It feels like ever since Blue Planet II was aired at the end of 2017, the issue of single use plastics has risen steadily in the public consciousness. As a diver, I had long been aware of the challenges posed by plastics reaching our oceans through the great work of initiatives like Project Aware but I have to be honest and say that, despite that, I hadn’t quite grasped the scale of the problem.
The facts are simply astounding. It is estimated that 8 million metric tonnes of plastic end up in our oceans each year, contributing to the staggering 150 million metric tonnes currently washing around in our planet’s most valuable asset. If this problem persists, the WWF estimate by 2050 we’ll have more plastic floating in the ocean than fish (by weight). Big numbers like these are always hard so that's about 22 Empire State Buildings' worth of plastic entering the ocean every year!
The impact on wildlife is staggering – some 50% of marine turtles and 56% of whales/ dolphins/ porpoises have ingested plastic and to bring this even closer to home, this plastic inevitably ends up in our food chain - a recent Belgian study estimated that regular fish eaters consume some 11,000 fragments of micro-plastic every year.
It’s no surprise then that brands are beginning to wake up to the impact their use of plastic has on the environment and also recognising it as a significant consumer issue they need to respond to. Brands like Adidas have put significant weight behind the issue with their Run for the Oceans event and the Parley X running shoe. However, whilst both innovative and admirable, at c. £150 for a pair of running shoes, it is likely to be more mundane day to day changes in consumer behaviour which will make the biggest impact.
A number of UK companies signed up to the UK Plastics Pact to remove single use plastic packaging from their businesses by 2025 with significant industry bodies such as the BRC putting their weight behind it. We’ve also seen announcements from leading brands such as Ikea, the BBC, Morrissons, and Starbucks all making 2020 pledges over the past 2-3 weeks.
As someone who visits many clients’ premises, the first business who really made me sit up and take notice was Iceland. I turned up to meet them in January in the wake of their announcement to eliminate all plastic from their own branded products and was blown away by how quickly they had got behind the initiative internally too, banning all disposable coffee cups from the staff canteen even for visitors. At last it felt here was a brand who was prepared to live their external brand promise.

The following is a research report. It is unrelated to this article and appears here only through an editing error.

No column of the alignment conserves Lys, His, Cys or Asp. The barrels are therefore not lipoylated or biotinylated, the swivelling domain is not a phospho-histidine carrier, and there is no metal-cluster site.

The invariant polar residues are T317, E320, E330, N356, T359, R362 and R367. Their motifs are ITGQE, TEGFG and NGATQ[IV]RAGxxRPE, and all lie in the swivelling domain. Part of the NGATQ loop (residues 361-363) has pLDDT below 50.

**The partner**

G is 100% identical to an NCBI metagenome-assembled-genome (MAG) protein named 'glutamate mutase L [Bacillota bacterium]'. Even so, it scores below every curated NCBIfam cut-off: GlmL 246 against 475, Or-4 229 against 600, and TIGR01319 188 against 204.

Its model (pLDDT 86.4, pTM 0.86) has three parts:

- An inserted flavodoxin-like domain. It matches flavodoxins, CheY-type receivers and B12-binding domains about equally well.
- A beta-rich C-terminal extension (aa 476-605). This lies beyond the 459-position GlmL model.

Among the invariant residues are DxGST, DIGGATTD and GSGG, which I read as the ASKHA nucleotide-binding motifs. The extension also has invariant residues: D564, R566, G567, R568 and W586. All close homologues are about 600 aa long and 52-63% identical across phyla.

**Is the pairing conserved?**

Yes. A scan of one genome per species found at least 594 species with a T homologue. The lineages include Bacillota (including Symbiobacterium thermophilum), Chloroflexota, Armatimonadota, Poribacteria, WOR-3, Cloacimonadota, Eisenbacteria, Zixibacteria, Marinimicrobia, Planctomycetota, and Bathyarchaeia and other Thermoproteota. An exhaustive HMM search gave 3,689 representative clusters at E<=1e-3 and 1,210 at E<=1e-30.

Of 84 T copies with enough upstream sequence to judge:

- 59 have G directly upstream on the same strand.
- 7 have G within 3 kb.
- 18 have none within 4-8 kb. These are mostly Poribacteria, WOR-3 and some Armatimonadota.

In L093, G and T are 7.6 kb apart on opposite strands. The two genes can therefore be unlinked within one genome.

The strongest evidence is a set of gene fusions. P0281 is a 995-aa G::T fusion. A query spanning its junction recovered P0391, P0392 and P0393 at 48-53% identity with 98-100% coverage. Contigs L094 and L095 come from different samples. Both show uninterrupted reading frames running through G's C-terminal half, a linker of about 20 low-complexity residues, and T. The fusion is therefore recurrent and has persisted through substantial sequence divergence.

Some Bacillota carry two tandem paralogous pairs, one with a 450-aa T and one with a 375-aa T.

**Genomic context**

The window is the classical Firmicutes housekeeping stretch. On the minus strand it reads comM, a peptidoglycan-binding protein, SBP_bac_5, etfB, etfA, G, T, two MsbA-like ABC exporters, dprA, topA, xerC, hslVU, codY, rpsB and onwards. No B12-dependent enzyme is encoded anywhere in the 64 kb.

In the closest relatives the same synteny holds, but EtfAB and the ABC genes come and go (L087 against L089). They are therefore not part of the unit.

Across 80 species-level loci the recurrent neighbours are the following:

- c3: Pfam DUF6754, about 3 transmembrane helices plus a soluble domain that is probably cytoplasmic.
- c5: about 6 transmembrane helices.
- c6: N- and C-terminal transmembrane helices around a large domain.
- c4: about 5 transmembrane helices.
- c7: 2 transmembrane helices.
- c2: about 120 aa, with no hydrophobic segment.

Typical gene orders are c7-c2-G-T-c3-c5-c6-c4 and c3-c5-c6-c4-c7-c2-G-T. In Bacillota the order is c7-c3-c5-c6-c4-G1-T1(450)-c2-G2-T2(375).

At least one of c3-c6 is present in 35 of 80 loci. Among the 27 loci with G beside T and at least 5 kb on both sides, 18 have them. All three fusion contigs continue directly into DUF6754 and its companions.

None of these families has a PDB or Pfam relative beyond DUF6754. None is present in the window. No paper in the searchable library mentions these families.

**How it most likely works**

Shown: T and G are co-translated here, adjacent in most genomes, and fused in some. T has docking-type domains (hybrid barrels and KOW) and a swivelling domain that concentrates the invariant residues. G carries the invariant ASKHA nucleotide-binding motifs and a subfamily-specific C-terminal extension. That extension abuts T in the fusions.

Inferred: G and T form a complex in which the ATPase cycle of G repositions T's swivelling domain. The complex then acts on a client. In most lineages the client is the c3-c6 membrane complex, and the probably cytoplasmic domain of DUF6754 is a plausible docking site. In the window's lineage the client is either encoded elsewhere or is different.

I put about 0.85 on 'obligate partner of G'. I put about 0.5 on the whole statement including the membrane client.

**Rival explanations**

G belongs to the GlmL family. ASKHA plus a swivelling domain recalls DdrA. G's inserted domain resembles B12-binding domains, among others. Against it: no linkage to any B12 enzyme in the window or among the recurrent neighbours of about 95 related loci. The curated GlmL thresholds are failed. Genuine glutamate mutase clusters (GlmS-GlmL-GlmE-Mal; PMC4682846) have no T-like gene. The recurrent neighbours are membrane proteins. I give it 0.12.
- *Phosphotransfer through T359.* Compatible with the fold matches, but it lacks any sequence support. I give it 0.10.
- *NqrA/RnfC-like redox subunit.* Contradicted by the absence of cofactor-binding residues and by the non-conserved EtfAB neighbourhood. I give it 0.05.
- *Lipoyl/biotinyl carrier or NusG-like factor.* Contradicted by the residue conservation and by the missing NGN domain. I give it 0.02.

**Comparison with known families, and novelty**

It was with great interest therefore that I arrived in Osterley last week for the Sky Ocean Rescue event. Sky has made a very public promise to eliminate all single use plastics from its operations, products and supply chain by 2020. Would this be another one of ‘those CSR campaigns’ my cynical inner voice (trained by 20 odd years of corporate life) whispered in one ear?
I have to say I left with nothing but admiration for the scale and breadth of initiatives that Sky has launched and their eagerness to get their partners and suppliers on board with the campaign.
Three key thoughts jumped out at me from the event:-
1. Remove. Re-use. Recycle
This seems such a simple mantra but, for me, is probably the simplest articulation I have heard from any brand on how to address the issue of plastic today i.e.
REMOVE – does the plastic need to be there in the first place? We have become used to so much plastic surrounding us in every day life, it’s easy to assume that it’s essential. From the cable tie to the cellophane protecting a manufacturers logo on a device, we have become trained to believe these are essential / non-negotiable elements of packaging but do they really need to be there?
Never more is this evident than the fruit and veg aisle of any supermarket in this country where we are used to virtually all of our produce coming wrapped in plastic of some sort. It’s only really when you walk into a supermarket overseas that it hits you how different it is in other parts of the world.